“I am sure that all the skills I have learnt will be useful in my life, help me in my future to become a better person and work for society.” wrote a 20-year-old IT student.
Parents, teachers, or even for that matter our seniors never really dared us to go beyond our disciplines. Our educational system also puts us in specified verticals right from the day we take admission in a college and as a result of this we end up functioning only in those silos creating solutions that lack a holistic approach to the problems. If we are tackling issues of rural poverty knowledge about economics or public policy making alone cannot solve the nexus of the diverse factors affecting it at the base. Or if we are trying to solve the problem of pollution in the urban spaces, expertise in pollution or industrial effluents or waste treatment or transportation alone won’t solve the issue.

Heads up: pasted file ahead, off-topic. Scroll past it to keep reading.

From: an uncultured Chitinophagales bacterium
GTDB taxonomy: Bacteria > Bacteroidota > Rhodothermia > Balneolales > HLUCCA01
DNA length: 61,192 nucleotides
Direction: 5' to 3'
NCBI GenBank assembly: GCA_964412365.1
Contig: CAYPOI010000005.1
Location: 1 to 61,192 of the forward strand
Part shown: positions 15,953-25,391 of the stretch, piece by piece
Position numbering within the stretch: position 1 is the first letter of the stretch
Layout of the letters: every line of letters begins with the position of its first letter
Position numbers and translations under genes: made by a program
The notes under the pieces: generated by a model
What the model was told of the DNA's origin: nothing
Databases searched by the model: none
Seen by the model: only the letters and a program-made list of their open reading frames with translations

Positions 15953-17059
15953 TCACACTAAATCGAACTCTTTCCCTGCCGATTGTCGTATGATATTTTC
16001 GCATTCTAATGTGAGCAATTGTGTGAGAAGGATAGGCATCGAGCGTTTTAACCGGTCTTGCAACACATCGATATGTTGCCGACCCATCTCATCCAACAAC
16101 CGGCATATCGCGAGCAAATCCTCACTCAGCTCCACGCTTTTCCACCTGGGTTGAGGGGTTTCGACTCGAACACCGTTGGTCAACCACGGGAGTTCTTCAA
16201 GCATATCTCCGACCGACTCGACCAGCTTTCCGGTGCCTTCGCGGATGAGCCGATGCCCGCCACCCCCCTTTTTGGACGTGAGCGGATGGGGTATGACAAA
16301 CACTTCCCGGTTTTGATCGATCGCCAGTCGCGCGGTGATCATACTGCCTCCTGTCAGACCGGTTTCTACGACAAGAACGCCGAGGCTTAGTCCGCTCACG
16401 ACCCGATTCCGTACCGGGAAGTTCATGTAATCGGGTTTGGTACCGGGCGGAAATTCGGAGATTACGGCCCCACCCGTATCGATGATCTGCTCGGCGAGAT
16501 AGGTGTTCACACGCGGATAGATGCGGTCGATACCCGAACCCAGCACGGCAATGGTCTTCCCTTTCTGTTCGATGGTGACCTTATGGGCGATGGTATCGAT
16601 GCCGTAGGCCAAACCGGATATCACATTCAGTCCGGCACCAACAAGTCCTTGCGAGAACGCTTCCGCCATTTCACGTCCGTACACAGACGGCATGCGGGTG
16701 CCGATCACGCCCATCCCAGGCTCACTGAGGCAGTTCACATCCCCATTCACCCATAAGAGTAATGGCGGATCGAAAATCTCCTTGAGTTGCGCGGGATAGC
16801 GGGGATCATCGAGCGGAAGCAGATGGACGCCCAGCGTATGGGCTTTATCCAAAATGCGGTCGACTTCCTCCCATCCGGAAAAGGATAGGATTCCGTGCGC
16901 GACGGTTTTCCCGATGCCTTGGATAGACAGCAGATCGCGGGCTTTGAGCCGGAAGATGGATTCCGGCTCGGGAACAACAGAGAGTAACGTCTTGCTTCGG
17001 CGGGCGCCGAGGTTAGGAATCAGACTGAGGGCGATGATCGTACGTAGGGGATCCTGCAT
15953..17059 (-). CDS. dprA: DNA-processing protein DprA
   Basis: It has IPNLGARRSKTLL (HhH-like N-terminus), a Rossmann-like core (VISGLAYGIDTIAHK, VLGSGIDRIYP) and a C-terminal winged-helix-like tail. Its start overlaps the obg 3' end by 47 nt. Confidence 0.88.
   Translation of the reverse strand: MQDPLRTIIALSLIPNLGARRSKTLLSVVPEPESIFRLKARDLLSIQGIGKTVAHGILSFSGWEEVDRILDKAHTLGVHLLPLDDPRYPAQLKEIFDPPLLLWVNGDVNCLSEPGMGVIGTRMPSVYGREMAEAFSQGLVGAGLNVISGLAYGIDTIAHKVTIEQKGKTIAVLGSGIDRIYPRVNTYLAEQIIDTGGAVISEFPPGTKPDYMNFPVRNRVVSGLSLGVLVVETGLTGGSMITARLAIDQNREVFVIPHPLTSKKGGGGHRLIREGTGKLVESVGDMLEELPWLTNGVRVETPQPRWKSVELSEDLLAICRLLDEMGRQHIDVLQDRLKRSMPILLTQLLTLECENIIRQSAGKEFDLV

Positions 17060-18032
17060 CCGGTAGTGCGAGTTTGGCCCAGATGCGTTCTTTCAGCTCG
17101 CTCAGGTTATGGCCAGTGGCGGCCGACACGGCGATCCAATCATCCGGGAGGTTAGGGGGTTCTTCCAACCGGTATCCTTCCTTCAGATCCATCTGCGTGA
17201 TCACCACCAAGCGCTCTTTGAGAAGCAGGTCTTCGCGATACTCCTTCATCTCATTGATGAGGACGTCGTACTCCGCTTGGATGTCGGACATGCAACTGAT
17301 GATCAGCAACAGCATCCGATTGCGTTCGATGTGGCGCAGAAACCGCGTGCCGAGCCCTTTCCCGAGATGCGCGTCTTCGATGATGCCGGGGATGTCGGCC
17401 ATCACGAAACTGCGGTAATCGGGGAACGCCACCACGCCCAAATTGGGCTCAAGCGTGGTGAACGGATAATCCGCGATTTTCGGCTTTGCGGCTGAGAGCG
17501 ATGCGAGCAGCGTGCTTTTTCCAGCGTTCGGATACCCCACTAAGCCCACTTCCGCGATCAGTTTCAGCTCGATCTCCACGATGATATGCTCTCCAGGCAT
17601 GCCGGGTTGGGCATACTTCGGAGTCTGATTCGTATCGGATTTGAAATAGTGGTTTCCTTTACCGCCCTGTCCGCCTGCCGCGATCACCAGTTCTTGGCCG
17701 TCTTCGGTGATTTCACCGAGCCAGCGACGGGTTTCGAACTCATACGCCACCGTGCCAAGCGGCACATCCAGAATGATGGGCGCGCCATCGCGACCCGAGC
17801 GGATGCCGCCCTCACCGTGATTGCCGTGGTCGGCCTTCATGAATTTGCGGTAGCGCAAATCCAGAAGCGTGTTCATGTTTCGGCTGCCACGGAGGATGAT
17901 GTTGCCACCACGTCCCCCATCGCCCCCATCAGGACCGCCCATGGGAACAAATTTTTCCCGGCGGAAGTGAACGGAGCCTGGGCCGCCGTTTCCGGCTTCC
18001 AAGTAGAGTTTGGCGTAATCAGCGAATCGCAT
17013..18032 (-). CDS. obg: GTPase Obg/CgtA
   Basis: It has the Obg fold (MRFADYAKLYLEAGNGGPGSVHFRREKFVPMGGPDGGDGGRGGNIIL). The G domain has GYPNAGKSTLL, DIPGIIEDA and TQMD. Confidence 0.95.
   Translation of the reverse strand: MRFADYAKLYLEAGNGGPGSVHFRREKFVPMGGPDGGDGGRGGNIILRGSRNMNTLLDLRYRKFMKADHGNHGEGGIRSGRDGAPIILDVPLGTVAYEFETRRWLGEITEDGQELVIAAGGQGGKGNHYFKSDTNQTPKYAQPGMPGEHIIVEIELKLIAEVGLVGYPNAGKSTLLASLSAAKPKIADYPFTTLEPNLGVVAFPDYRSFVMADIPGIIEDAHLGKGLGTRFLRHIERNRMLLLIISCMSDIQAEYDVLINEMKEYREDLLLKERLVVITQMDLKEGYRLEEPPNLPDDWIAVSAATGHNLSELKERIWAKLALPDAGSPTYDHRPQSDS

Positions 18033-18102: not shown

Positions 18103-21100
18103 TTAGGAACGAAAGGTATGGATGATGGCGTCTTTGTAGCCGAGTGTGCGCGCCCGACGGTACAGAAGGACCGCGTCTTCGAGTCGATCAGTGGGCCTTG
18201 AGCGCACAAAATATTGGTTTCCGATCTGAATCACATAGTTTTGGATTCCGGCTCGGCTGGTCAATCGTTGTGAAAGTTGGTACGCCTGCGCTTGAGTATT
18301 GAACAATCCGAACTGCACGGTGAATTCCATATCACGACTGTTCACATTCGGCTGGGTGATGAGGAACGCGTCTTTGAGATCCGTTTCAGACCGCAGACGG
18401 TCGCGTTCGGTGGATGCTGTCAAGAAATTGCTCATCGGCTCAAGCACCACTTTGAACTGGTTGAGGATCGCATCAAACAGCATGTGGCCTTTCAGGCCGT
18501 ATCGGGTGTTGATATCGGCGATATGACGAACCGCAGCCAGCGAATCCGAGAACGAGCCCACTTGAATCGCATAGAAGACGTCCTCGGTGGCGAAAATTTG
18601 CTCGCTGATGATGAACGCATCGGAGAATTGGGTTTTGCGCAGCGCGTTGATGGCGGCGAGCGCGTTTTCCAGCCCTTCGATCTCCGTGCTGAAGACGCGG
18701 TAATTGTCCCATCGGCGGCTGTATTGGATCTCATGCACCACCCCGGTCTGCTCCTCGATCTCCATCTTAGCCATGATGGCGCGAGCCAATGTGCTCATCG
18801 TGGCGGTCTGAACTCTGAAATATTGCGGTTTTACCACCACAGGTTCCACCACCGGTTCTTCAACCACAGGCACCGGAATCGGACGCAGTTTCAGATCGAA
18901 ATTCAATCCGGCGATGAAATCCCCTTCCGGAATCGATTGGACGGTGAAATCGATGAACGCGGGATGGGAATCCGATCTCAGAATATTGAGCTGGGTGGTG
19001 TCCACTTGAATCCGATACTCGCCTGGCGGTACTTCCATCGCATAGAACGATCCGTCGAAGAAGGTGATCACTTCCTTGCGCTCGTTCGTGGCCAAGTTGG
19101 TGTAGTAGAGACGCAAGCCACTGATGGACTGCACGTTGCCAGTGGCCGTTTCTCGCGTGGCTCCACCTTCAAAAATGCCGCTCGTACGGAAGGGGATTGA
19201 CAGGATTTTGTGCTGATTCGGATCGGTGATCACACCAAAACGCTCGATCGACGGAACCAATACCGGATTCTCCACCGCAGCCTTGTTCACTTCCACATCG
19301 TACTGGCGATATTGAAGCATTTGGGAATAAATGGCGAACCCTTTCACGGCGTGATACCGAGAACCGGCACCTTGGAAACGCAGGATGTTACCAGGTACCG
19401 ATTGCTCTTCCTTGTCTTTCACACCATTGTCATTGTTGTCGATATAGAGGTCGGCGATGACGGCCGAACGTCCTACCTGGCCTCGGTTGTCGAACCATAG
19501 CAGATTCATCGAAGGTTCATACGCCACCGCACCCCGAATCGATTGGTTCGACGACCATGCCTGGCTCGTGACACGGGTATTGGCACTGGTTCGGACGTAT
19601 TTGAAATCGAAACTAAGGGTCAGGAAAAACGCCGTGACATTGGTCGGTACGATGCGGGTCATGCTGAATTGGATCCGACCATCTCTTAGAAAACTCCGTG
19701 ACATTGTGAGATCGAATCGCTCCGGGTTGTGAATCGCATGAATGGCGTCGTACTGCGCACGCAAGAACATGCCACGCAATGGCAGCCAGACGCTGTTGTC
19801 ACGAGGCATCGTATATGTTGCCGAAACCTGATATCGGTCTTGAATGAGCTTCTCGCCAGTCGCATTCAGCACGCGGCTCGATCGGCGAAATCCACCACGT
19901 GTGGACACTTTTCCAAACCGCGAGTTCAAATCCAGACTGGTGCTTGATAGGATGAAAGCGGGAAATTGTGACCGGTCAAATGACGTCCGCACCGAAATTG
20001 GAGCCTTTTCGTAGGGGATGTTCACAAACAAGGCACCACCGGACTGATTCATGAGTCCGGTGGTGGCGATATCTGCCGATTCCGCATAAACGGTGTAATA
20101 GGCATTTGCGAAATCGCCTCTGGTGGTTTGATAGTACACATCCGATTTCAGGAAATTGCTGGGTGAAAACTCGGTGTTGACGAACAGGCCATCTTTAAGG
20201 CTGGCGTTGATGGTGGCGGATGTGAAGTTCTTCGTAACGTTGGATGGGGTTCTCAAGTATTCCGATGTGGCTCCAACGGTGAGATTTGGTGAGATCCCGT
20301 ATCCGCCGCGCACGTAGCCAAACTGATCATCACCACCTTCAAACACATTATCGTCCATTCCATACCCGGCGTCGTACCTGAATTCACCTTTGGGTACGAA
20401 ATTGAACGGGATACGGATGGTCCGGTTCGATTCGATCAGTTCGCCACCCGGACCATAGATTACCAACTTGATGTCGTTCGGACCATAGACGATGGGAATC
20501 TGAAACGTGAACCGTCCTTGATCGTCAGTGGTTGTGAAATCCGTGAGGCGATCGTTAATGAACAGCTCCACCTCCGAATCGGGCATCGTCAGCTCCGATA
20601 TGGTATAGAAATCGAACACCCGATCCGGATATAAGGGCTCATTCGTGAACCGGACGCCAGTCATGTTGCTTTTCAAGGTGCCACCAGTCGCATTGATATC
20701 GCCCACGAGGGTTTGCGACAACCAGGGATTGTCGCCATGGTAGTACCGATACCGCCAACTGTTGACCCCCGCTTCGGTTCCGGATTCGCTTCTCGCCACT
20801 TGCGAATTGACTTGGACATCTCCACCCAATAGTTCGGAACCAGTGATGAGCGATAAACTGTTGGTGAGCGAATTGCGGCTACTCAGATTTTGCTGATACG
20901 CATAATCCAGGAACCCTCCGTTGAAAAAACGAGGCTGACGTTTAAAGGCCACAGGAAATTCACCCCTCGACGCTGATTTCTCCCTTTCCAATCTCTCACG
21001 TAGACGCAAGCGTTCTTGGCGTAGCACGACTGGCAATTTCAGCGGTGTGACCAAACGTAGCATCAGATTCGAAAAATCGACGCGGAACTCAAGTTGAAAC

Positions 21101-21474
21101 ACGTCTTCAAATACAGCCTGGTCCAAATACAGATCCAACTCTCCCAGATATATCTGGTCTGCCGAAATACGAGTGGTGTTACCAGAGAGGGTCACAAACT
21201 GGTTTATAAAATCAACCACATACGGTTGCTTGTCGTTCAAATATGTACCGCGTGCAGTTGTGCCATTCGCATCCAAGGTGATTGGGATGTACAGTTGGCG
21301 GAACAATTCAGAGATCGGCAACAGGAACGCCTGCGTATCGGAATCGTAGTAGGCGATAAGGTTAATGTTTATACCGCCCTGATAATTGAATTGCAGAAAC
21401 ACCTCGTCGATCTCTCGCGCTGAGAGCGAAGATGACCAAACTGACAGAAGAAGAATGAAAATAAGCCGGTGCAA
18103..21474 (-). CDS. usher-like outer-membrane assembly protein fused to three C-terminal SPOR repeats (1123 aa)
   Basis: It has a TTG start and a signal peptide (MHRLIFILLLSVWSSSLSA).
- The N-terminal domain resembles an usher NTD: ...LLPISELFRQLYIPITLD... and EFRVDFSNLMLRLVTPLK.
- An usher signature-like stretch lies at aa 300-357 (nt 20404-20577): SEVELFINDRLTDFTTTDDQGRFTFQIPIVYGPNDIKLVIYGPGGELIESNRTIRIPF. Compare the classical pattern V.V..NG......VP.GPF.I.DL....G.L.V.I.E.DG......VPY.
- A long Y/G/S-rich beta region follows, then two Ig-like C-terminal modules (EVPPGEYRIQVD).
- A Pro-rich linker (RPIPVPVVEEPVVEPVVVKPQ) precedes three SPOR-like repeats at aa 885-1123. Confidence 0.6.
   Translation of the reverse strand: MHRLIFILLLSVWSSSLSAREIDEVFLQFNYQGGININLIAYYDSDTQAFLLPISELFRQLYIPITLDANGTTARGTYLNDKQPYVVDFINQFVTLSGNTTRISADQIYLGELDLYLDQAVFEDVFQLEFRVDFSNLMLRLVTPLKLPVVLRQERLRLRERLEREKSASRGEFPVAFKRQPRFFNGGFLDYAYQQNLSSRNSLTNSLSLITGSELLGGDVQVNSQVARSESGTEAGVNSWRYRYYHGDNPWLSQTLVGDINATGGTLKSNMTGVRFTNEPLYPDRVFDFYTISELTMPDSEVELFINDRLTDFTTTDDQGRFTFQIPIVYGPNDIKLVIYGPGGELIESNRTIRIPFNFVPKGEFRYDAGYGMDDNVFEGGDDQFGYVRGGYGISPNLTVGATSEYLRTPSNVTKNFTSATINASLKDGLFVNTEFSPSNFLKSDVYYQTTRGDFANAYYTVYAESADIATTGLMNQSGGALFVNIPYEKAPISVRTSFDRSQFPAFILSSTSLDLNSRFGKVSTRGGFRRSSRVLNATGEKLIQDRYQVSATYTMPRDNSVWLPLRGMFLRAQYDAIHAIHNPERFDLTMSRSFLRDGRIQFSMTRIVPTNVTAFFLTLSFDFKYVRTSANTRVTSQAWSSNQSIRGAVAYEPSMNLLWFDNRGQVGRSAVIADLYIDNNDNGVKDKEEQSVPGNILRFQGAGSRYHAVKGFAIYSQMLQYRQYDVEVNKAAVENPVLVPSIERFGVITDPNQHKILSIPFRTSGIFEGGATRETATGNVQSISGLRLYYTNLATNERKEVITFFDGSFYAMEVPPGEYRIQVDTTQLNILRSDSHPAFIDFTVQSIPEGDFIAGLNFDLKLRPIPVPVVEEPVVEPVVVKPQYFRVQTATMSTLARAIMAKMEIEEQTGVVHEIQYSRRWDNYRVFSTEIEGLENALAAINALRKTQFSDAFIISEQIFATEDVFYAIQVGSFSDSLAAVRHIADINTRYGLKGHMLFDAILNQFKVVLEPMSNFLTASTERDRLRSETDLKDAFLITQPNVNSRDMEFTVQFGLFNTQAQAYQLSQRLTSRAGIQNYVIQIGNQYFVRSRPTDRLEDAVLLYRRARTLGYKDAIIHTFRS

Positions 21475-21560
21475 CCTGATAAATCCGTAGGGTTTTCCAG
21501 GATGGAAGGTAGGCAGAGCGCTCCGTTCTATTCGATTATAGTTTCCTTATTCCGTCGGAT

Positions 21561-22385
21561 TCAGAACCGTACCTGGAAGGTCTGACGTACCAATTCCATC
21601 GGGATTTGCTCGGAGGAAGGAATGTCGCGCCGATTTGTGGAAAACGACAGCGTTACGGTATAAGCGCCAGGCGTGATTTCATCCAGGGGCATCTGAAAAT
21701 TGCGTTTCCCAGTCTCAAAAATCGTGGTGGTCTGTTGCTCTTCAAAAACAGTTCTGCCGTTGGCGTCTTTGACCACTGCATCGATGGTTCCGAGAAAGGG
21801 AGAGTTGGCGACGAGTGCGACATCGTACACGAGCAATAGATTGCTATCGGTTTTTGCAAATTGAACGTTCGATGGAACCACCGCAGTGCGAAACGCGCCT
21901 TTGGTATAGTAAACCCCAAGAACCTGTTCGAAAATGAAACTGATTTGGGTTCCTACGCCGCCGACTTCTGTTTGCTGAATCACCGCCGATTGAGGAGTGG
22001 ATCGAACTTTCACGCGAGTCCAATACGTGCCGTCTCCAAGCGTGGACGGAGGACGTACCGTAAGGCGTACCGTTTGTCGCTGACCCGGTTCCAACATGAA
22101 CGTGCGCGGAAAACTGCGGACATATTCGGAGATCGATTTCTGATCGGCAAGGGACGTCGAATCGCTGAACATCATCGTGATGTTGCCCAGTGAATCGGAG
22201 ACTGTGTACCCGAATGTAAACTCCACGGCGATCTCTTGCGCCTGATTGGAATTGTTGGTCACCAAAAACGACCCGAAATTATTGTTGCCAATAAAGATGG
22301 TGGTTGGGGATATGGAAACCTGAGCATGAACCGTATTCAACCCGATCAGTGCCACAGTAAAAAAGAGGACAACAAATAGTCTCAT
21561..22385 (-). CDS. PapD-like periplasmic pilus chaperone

All these age-old problems are affected by multifarious factors juxtaposed in complex orders. They cannot be solved by a genie that has knowledge in technology or sociology alone. Trouble-shooters will need domain expertise, inter-disciplinary knowledge, and possess transferable skills in both academic and non-academic fields. It is the convergence of all these that helps us at arriving at models that can attack a problem from a 360o perspective.
One of the interns working with us was doing their degree in Computer Science. On any other day, a typical question to them would be, what is a computer grad doing in the slums? We didn’t bother to ask them this; neither did anyone ask Steve Jobs anything when he was attending calligraphy classes.
Interestingly, they already had an experience of teaching the slum kids and appeared concerned with the plight of slum dwellers. They were interested in finding a long term solution to these problems. We had long discussions about the models of development even after the completion of the assignment. They even volunteered to work at the back end of our website for this assignment. When we were going through their report we saw a mention of this experience hopefully helping them to become a better person and work for the betterment of the society.